If there’s one thing mobile apps and websites have in common, there’s always space for development and nearly infinite methods to improve both. A/B testing can aid in these decisions and take some guessing out of determining which changes will have the most impact. All decisions in A/B testing are based on data, which protects you from going down a costly route with modifications that have a marginal return on investment.
You can design better experiences and boost conversions when you know what connects with your users—and what marketer doesn’t want to do that? Right?
A/B testing used to be the domain of more technical members of a company’s staff, but as testing technology has improved, it’s now predominantly the domain of marketing. Marketers who know how to go beyond the most basic A/B tests will see more users, higher engagement, and a faster path to their long-term objectives.
What Is A/B Testing? How Does It Work?
A/B testing is making one change to the design or experience of two identical versions of your site or app to observe how it affects user behavior. This might include anything from altering a hero image to updating copy, redesigning your site’s layout, or changing the color of a sign-up button. Half of your audience sees variation A, the typical user experience, while the other half sees variation B, which is the version you hope will achieve your pre-determined goal. After a few weeks of running the test, you may look at the data to discover which variation worked better. One significant advantage is learning about the chosen function before making a permanent change.
A/B testing has long been associated with commercials and websites, but it’s now just as standard in the mobile world. With 69% of internet users using mobile shopping applications and 69% preferring to perform product research on their phones, it’s critical to evaluate and optimize your users’ or customers’ cross-channel experiences. Over-The-Top (OTT) streaming is the next channel to be added to the mix, with tests available for tvOS, AndroidTV/FireTV, Roku, and other smart TV apps.
A/B testing extends much below the surface for some of the most successful businesses. Take Booking.com, for example, which has established an entire culture around A/B testing and experimentation, and where anyone can test without permission from management. Booking.com has grown from a small startup to an online housing behemoth due to its testing culture. Booking.com executes more than 1,000 simultaneous tests every year and in total, more than 25,000 tests per year.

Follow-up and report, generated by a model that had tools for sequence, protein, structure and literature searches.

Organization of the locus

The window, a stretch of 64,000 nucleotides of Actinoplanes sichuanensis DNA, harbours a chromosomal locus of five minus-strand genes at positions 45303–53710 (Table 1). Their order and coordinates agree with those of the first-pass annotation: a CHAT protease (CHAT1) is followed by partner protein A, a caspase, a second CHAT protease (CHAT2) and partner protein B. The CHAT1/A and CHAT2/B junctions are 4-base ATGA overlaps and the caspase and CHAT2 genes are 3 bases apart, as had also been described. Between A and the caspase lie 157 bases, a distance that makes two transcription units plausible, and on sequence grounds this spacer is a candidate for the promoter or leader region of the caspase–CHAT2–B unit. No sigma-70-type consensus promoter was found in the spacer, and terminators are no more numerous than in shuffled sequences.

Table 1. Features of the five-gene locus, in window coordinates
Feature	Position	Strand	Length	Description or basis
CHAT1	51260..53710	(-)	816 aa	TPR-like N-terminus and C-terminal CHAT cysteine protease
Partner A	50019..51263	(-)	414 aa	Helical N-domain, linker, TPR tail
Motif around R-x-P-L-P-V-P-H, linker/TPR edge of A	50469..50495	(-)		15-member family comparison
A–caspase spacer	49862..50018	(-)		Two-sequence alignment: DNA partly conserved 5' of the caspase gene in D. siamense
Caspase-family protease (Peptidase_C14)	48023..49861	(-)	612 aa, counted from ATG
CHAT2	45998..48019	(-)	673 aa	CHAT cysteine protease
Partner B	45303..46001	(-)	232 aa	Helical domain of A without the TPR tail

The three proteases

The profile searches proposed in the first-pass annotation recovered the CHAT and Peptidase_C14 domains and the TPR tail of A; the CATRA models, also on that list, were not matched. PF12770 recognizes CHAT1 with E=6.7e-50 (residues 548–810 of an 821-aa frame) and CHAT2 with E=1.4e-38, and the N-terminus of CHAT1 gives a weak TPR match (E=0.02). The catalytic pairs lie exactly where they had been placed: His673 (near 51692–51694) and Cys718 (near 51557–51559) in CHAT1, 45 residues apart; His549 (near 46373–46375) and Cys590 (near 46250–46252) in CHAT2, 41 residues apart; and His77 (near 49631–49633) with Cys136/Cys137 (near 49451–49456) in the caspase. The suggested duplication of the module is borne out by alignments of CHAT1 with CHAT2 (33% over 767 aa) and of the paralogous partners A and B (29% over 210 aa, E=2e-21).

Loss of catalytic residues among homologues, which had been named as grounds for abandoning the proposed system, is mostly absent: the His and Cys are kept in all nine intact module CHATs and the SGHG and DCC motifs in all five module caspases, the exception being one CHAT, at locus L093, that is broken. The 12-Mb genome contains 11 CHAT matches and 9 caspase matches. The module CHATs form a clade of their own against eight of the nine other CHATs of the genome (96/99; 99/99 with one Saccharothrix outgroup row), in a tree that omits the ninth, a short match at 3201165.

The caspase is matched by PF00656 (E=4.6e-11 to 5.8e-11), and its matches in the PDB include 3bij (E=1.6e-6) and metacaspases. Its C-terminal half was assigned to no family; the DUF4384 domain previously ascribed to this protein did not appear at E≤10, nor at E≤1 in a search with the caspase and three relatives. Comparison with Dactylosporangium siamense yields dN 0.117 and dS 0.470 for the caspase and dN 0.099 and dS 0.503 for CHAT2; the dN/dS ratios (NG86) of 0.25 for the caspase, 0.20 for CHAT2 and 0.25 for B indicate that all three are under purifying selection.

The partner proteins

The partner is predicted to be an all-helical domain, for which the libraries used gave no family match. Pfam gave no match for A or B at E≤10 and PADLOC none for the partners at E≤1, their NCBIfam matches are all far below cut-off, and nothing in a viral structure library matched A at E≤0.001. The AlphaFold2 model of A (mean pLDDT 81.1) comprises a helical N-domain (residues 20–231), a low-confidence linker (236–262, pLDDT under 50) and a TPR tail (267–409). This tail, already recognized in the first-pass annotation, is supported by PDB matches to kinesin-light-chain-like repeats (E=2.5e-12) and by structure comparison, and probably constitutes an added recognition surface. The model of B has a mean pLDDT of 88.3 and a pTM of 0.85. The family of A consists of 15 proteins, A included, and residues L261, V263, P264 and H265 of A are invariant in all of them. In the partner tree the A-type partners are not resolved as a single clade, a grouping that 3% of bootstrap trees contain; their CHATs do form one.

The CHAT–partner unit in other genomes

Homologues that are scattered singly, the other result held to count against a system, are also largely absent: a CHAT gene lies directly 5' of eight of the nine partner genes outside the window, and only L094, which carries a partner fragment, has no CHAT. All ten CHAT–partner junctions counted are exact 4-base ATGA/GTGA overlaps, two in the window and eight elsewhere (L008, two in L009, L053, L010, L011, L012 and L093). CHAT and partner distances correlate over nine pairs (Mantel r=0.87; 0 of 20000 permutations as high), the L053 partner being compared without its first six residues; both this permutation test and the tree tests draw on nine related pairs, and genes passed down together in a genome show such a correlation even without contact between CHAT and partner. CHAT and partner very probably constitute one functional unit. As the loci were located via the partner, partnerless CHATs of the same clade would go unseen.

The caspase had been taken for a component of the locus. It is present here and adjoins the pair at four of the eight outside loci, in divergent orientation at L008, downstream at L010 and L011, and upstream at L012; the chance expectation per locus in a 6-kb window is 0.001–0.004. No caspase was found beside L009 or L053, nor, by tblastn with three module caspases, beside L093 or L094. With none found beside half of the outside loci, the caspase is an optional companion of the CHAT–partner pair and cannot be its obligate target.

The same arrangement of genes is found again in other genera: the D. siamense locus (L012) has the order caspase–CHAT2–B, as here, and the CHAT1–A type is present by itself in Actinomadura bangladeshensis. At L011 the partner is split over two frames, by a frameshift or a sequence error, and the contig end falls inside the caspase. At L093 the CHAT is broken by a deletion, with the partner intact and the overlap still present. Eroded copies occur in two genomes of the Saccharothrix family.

Netflix has a similar culture of experimenting, which has been critical to the company’s continuing change and success. The company has regularly talked about its zealous A/B testing techniques, claiming that it tests every product change, leading to a complete redesign of its user interface and the creation of a personalized homepage. They even A/B test most movie title pictures, which can result in a 20-30% increase in viewing.
What You Should Know About Performing A/B Tests
The first step in conducting an A/B test is to decide which aspect you want to test. When experimenting, it’s crucial to make only one modification at a time. Aside from the element you’re trying, everything else on your site should stay the same. The wording for a promotion you’re running, the color of a call-to-action (CTA) button, and the layout of a page are all examples of testing items. You’ll know with certainty that the precise variable you altered is what’s generating more (or fewer) conversions if you test one factor at a time.
To collect enough data, A/B testing should be conducted for two weeks. For proper findings, the page’s two variations must be tested simultaneously, and the control and test groups must be evenly and randomly divided. External factors such as the time of year may impact the test findings if you run version A for two weeks and then version B two weeks afterward.
Analyze the findings after the two weeks to evaluate which version performed better. The winning variation can then be made a permanent alteration or addition, and the results of previous A/B testing can be used to inform future A/B tests.
Impactful Tests Examples
Every A/B test should start with a hypothesis and a precise aim. Improving user engagement with a website or app, promoting conversions, and monitoring how people react to new additions are some of the more frequent goals. However, the sky is truly the limit. You can also design tests around those to keep customers engaged during onboarding or drive them to a different CTA within your app.
Returning the Results to the System
Based on the A/B testing results, you can keep the winning variation and eliminate the losing variation based on the A/B testing results. Use what you learned from the test to find other sections of your website or app to test and learn more about what your customers like. You can employ particular CTAs or graphics that have been proven to generate favorable responses in other areas to improve your user experience.
A/B testing allows you to provide your users with a more tailored experience, learn from them, and bring them closer to your business. A/B tests have many variables, and the more tests you run, the more informed and successful you’ll be as a marketer.